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How regular reviews can reduce the uncertainty of retirement

This article is part of
Guide to pensions advice

“It’s often the biggest or second biggest line of someone’s wealth. So behind the principal private residence, their house, the next biggest asset is very often their pension. So therefore at every opportunity you’re sitting down, reviewing the client’s balance sheet, you need to be talking about the pension.”

Keeping track of scattered pensions can also help to reduce uncertainty. Two-thirds of non-retirees have more than one pension pot, according to Interactive Investor’s Great British Retirement Survey 2021, while one in 20 (6 per cent) did not know how many pension pots they had.

“We’re forever saying to people, make sure you know where all your pensions are, even if you don’t want to move them to bring them together,” says Trott. 

“Make sure that everything’s up to date, that you’re getting the regular information. That’s the really important thing – the more information you get on a regular basis, then the less of a surprise any of this will be.”

Andrew Megson, executive chairman at My Pension Expert, agrees on the importance of regular interaction.

“You have to go back all the time, revisit the goals, revisit the circumstances, revisit your advice. That’s how any adviser should ensure that they keep the client outcome exactly where the client expects.”

As the age-old saying goes, the value of investments can go down as well as up, which can be evident when a pension pot is revisited.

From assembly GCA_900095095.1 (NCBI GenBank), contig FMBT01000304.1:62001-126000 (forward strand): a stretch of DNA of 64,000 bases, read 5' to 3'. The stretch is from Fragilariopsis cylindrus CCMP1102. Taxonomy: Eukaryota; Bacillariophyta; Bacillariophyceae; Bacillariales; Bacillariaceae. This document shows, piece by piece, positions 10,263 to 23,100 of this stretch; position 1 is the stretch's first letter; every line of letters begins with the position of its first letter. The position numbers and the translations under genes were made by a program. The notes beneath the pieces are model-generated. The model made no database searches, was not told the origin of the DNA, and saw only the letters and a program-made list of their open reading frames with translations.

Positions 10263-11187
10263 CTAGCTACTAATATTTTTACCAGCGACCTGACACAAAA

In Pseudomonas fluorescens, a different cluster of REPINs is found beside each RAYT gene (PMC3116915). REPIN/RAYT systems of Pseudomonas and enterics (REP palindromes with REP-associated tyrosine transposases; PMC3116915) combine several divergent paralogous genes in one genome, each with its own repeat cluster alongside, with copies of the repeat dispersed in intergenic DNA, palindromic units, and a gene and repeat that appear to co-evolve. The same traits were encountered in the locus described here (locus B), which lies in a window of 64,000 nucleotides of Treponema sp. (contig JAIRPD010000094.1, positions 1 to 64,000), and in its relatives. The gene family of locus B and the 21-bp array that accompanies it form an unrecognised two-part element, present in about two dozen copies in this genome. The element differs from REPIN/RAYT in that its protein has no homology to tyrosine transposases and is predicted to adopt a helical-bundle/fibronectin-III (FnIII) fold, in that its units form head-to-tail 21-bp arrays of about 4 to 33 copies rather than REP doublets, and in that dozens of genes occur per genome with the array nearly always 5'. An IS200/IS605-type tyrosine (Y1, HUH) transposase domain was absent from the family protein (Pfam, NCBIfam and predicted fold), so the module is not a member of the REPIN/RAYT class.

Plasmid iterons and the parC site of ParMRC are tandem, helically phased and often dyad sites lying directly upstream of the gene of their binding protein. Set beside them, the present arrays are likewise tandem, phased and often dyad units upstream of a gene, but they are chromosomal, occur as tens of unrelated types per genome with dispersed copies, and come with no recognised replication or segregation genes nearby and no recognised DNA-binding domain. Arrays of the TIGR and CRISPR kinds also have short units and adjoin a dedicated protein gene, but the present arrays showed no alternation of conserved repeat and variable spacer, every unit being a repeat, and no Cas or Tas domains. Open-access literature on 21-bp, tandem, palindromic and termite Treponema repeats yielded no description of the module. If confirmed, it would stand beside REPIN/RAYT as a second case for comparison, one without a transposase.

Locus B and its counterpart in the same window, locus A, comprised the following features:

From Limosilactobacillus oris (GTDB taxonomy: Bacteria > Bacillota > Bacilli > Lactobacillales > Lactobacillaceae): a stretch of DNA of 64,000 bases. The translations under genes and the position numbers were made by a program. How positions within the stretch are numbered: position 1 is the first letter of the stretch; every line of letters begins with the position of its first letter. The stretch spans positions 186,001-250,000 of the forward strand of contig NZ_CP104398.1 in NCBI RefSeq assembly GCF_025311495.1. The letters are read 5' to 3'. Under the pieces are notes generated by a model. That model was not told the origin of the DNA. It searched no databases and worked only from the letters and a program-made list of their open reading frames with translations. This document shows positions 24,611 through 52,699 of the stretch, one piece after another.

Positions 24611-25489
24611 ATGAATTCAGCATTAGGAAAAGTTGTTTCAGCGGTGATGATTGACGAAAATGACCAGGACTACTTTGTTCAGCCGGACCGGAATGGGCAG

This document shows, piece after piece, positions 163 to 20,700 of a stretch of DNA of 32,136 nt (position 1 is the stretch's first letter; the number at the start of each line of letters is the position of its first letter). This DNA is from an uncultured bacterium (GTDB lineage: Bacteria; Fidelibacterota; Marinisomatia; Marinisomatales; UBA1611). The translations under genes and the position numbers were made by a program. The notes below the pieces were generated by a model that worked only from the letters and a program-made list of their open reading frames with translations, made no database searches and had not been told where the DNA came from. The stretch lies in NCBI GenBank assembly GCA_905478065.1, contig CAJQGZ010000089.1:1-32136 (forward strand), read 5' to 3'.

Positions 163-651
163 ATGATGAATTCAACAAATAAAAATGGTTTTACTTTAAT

As to whether a client sticks it out, Aaron Metcalfe, chief risk officer at My Pension Expert, says: “Each of our portfolios has a volatility range that we work within. I think if a client was outside of that range and was for a sustained period of time, that’s when an adviser might take action. If the portfolio is working within that range, that might be more evidence to stay the course.”

Regular reviews can also identify any underperformance at an early stage so action may be taken to improve the situation, Tait at Intelligent Pensions notes.

“This also means the client has time to come to terms with the reality of their situation rather than having to adjust their thinking at short notice,” she adds.

Meanwhile, in the lead up to retirement, Keith Barron, chartered financial planner at Beaufort Financial (Forth Valley), highlights the importance of knowing whether there are sufficient funds to produce the required level of income, as well as checking whether investments are aligned with the appropriate risk level for that particular life stage.